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Packers Earn Hard-Fought Win In Overtime


Before Sunday's game Head Coach Mike Sherman told his team he knew how hard his team had scratched and clawed all season, losing seven games by seven or fewer points.

"I told him how proud I was. They were a bunch of fighters," he said. "I knew they were going to fight tonight."

Indeed the Packers fought through another close game, edging the Detroit Lions 16-13 in overtime. Kicker Ryan Longwell nailed a 28-yard field 5:27 into overtime despite frigid conditions to win the game.

"It's something you get used to. I just know how to prepare for the temperatures," said Longwell, who atoned for a 38-yard yard attempt blocked by Jared De Vries in the second quarter. "You just stay loose and don't overkick."

The Packers won the overtime toss and scored on the only drive of the period. Samkon Gado ran six times on the possession, including a four-yard gain during which Earl Holmes committed an unnecessary roughness penalty. That penalty tacked on 15 yards and placed the ball on the Packers' 35-yard line. Brett Favre also completed two-of-three passes, hitting William Henderson for eight yards and Robert Ferguson for 17 yards. After the Ferguson catch moved the ball to Detroit's 35-yard-line, an animated Favre pumped his fist several times.

As seamless as the Packers operated on the final drive, the game -- from the outset -- seemed like it would mirror the course of the Packers' excruciating losses. Lions running back Kevin Jones had a 40-yard run on the game's first drive. On the second drive of the game, several Lions sacked Favre and forced a fumble, which James Davis of the Lions recovered at the Packers' 18-yard-line. On the game's fourth series, R.W. McQuarters returned a kickoff 73 yards to the Green Bay 16-yard-line.

The Lions scored 13 points as a result of those plays, but they would not score again. Detroit went scoreless in the last three quarters. Displaying sound tackling skills, the Packers' swarming defense held the Lions to 241 total yards and 28:08 minutes of time of possession.

"I'm real proud of them," Sherman said.

The defense played most impressively during a goal line stand, which ended the first drive of the fourth quarter. The Lions moved the ball down to the Packers' four-yard-line. Artose Pinner gained three yards on first down, but two successive runs by Pinner and one by Jeff Garcia netted zero yards.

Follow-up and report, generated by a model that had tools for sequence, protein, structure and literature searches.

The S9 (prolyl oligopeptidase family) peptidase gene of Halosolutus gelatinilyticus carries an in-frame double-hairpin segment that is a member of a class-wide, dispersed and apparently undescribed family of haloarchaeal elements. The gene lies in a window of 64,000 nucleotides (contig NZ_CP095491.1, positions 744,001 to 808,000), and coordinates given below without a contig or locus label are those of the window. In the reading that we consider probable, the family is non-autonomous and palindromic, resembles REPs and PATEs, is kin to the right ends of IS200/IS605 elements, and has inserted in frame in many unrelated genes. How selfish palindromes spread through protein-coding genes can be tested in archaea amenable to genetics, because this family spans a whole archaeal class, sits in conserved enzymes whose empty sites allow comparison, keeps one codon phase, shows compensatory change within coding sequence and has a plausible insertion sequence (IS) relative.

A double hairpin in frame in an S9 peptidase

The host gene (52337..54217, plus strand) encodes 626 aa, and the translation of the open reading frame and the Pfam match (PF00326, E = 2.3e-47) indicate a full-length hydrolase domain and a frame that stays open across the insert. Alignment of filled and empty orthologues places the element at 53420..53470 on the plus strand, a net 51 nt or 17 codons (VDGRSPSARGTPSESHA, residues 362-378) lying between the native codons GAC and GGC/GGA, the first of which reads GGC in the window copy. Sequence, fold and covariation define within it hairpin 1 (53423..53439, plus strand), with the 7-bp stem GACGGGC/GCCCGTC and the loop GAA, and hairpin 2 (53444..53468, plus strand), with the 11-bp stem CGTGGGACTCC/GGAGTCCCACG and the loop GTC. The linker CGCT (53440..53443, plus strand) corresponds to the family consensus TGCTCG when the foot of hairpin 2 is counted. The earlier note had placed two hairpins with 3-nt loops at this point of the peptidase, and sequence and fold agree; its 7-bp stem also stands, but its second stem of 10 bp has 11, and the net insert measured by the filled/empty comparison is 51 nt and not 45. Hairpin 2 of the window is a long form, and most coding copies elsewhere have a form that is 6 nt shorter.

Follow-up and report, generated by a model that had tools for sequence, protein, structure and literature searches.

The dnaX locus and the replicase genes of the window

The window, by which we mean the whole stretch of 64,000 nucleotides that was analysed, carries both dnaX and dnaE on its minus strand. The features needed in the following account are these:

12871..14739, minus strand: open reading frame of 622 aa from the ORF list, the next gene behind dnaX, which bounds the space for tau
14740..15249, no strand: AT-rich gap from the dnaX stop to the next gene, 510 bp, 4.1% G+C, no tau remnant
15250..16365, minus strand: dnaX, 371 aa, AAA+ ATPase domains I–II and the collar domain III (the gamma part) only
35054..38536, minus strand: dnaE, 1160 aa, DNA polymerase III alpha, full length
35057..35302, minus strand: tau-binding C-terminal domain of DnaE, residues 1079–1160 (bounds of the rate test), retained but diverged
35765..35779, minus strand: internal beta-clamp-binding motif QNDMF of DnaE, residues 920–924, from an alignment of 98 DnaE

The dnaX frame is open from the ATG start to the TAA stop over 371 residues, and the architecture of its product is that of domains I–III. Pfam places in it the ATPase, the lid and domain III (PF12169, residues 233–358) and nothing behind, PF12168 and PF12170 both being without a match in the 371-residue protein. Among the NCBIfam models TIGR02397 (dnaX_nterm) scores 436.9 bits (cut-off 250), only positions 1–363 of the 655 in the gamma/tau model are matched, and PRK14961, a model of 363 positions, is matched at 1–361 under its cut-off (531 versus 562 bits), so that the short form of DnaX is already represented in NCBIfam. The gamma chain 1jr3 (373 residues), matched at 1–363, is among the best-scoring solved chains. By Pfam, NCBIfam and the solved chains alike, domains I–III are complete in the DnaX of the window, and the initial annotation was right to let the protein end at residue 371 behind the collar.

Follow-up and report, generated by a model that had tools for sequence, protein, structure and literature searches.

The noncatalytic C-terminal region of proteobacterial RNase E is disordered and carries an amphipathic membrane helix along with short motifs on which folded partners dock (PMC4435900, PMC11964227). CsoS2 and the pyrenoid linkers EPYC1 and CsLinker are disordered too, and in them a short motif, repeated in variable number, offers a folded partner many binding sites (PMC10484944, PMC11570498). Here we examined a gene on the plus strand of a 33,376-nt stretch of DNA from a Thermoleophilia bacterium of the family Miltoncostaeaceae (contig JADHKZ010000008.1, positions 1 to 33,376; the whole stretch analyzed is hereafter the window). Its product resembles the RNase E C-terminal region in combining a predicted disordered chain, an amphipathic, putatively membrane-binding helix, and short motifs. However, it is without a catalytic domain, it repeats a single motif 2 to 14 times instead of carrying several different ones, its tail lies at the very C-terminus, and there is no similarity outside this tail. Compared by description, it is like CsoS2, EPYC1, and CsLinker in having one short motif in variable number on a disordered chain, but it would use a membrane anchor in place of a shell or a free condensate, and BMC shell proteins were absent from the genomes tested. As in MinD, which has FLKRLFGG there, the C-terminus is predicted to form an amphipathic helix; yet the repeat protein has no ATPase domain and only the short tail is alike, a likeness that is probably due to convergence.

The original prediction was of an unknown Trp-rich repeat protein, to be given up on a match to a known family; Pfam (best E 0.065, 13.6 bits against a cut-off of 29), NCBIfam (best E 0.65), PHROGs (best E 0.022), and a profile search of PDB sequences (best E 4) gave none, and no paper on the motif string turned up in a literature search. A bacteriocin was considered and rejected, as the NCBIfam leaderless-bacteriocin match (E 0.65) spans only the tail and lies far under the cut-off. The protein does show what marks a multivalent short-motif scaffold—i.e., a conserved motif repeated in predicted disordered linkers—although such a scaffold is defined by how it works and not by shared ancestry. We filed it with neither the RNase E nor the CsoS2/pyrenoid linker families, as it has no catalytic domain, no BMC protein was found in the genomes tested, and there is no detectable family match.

"That was the turning point in the ballgame," Sherman said.

It also marked when the game took a bizarre turn. William Whitticker committed a false start before the Packers' first play. That placed the Packers so far near their own end zone that center Mike Flanagan actually lined up in the end zone. The Packers then handed the ball off to Gado. As Lions players approached him in the end zone, Gado threw an incomplete shovel pass. Or so it seemed.

Officials first ruled it intentional grounding, which would have resulted in a safety. After meeting, the officials deemed it an incomplete pass, thus avoiding the safety. Gado, however, never clearly explained whether he consciously knew that he was outside of the tackle box.

"I just reacted," Gado said. "I wasn't thinking. I had to something. Either way you look at it, it probably wasn't the best decision."

Regardless the ball finally bounced right for the Packers after so much misfortune throughout the year.

Gado helped the Packers in many other ways beside his heads up (we think) safety-saving play. He gained 171 yards on 29 carries, which serves as the best rushing performance for a Packers player all season.

"He played a hell of a game," Favre said.

Gado's best run occurred when he bounced outside for a 64-yard touchdown with 5:08 remaining in the second quarter. That rushing gain represented a season-high for the Packers and a career-high for Gado. During practice all week running backs coach Edgar Bennett urged Gado to cut back toward the inside with less frequency. Gado trusted his reads, headed toward the perimeter and cut the Lions' lead to 13-10.

Like the Packers the Lions only scored one touchdown. On a drive set up by McQuarters' return, Roy Williams bobbled a four-yard reception before dragging his feet down in the corner of the end zone. Green Bay challenged, but officials upheld the play.

The 70, 019 in attendance booed that decision -- indicative of how vocal and boisterous the Packers faithful remained throughout the night. Despite 14 degree temperatures that took Favre half a quarter to rid himself of cold-inducing numbness, the fans added energy to the nationally televised Sunday night football game.

"That was probably as electric as I've seen our fans in quite a while," Favre said. "I don't know if it was the cold weather, alcohol, a mixture of both or what, but it was a lot of fun."

Perhaps the atmosphere reached such a level because it represented as close as both NFC North rivals -- the 4-9 Lions and the 3-10 Packers -- will come to reaching the postseason.

"I wish we were playing in the playoffs right now, but these are our playoff games," Sherman said. "This is all we have. This was the first round of the playoffs for us. That's why it's important."

Injury note: Linebacker Brady Poppinga, who made his first NFL start and recorded four tackles, injured his knee. Sherman deemed it somewhat serious, but doctors will evaluate Poppinga on Monday.

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